Over the past 12 months, the FDA approved 35 new medicines. This is among the highest number of approvals in the past decade, surpassed only by 2009 (37). Many of the drugs are important advances for patients, including: two new treatments for hepatitis C; a drug for late-stage prostate cancer; the first new drug for Hodgkin’s lymphoma in 30 years; and the first new drug for lupus in 50 years.
In the report released by the FDA, FY 2011 Innovative Drug Approvals, the FDA provided details of how it used expedited approval authorities, flexibility in clinical trial requirements and resources collected under the Prescription Drug User Fee Act (PDUFA) to boost the number of innovative drug approvals to 35 for the fiscal year ending Sept. 30, 2011. The approvals come while drug safety standards have been maintained.
The report shows faster approval times in the United States when compared to the FDA’s counterparts around the globe. Twenty-four of the 35 approvals occurred in the United States before any other country in the world and also before the European Union, continuing a trend of the United States leading the world in first approval of new medicines.
“Thirty-five major drug approvals in one year represents a very strong performance, both by industry and by the FDA, and we continue to use every resource possible to get new treatments to patients,” said Margaret Hamburg, M.D., commissioner of food and drugs. “We are committed to working with industry to promote the science and innovation it takes to produce breakthrough treatments and to ensure that our nation is fully equipped to address the public health challenges of the 21st century.”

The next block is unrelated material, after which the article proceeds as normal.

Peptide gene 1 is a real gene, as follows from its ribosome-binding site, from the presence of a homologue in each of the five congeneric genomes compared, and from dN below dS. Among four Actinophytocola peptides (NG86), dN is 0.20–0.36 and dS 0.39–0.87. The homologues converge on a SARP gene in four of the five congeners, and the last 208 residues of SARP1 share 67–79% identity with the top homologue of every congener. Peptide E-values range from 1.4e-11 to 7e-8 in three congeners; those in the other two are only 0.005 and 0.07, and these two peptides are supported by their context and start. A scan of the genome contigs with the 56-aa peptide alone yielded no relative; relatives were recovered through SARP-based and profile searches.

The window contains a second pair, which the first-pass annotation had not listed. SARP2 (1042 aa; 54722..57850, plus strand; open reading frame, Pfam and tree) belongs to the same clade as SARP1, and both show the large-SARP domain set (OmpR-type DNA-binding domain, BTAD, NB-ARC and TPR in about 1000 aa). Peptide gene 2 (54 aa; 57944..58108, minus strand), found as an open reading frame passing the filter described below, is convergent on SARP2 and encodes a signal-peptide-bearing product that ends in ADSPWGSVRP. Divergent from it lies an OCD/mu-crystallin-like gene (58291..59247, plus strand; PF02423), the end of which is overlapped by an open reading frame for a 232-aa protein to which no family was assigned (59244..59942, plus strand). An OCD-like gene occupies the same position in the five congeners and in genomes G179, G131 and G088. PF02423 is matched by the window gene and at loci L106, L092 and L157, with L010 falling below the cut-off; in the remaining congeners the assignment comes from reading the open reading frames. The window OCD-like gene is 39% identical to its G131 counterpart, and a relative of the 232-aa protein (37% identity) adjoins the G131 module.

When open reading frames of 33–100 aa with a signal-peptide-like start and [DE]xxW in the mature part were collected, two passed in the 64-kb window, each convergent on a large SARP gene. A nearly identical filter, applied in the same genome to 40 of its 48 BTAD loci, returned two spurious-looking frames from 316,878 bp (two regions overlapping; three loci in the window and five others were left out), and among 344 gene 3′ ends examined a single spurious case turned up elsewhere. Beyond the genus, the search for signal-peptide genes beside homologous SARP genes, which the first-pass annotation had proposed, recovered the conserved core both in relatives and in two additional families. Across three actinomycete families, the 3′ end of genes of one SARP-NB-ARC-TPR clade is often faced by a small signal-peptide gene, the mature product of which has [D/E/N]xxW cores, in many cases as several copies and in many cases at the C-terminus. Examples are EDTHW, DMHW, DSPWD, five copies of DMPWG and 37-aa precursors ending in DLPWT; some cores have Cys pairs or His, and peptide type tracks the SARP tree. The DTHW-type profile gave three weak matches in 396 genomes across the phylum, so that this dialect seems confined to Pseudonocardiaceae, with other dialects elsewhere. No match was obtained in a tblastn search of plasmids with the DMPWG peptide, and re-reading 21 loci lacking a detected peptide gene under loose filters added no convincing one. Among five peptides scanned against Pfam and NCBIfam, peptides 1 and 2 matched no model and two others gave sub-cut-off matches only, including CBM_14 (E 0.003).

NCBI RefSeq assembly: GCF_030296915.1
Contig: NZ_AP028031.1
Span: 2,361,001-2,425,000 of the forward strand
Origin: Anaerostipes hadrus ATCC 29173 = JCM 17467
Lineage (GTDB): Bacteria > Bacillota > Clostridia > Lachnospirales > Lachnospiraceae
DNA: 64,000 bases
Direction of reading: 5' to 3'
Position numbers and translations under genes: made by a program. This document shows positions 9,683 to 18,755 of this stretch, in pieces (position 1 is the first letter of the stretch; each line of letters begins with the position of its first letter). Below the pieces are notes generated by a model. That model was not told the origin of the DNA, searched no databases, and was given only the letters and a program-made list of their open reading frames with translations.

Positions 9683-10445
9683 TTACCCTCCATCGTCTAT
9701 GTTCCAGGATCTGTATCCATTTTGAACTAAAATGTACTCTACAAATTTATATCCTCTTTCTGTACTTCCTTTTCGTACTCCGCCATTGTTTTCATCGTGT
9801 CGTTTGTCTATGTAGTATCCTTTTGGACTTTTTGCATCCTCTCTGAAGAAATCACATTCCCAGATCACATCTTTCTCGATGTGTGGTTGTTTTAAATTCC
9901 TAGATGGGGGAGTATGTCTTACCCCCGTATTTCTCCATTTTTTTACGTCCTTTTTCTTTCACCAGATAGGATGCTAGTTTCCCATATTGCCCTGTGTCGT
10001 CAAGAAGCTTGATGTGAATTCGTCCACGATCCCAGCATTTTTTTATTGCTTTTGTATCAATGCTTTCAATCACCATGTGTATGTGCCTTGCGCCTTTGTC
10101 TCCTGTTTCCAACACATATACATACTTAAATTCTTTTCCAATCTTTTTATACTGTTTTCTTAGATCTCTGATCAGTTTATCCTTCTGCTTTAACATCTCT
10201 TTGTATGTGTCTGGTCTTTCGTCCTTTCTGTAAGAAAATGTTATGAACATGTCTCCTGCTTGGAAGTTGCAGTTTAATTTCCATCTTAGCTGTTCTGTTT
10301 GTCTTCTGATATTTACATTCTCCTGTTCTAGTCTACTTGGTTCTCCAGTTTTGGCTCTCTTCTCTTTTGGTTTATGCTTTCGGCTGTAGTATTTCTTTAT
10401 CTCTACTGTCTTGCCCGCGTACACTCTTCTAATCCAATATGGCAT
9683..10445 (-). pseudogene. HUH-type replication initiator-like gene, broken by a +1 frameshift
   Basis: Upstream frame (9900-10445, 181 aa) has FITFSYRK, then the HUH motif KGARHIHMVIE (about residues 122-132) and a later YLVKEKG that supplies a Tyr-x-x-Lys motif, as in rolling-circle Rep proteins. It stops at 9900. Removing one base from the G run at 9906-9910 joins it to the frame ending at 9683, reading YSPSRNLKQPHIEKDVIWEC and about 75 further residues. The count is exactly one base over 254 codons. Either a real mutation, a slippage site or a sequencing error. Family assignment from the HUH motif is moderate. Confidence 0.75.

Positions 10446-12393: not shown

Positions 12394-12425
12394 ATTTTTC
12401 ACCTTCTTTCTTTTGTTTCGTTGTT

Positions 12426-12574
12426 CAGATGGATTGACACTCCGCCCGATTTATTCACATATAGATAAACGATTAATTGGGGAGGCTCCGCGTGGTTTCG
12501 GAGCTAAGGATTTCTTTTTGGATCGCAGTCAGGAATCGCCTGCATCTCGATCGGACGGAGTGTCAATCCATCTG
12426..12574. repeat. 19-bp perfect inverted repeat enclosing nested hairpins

Among the new drugs approved in FY 2011, a number are notable for their advances in patient care and for the efficiency with which they were approved: • Two of the drugs – one for melanoma and one for lung cancer – are breakthroughs in personalized medicine. Each was approved with a diagnostic; test that helps identify patients for whom the drug is most likely to bring benefits • Seven of the new medicines provide major advances in cancer treatment; • Almost half of the drugs were judged to be significant therapeutic advances over existing therapies for heart attack, stroke and kidney transplant rejection; • Ten are for rare or “orphan” diseases, which frequently lack any therapy because of the small number of patients with the condition, such as a treatment for hereditary angioedema; • Almost half (16) were approved under “priority review,” in which the FDA has a six month goal to complete its review for safety and effectiveness; • Two-thirds of the new approvals were completed in a single review cycle, meaning sufficient evidence was provided by the manufacturer so that the FDA could move the application through the review process without requesting major new information; • Three were approved using “accelerated approval,” a program under which the FDA approves safe and effective medically important new drugs quickly, and relies on subsequent post-market studies to confirm clinical benefit. For example, Corifact, the first treatment approved for a rare blood clotting disorder, was approved under this program; and • Thirty-four of 35 were approved on or before the review time targets agreed to with industry under PDUFA, including three cancer drugs that FDA approved in less than six months.
The Prescription Drug User Fee Act was established by Congress in 1992 to ensure that the FDA had the necessary resources for the safe and timely review of new drugs and for increased drug safety efforts. The current legislative authority for PDUFA expires on Sept. 30, 2012.
“Before the PDUFA program, American patients waited for new drugs long after they were available elsewhere,” said Janet Woodcock, M.D., director of the FDA’s Center for Drug Evaluation and Research. “As a result of the user fee program, new drugs are rapidly available to patients in the United States while maintaining our high standards for safety and efficacy.”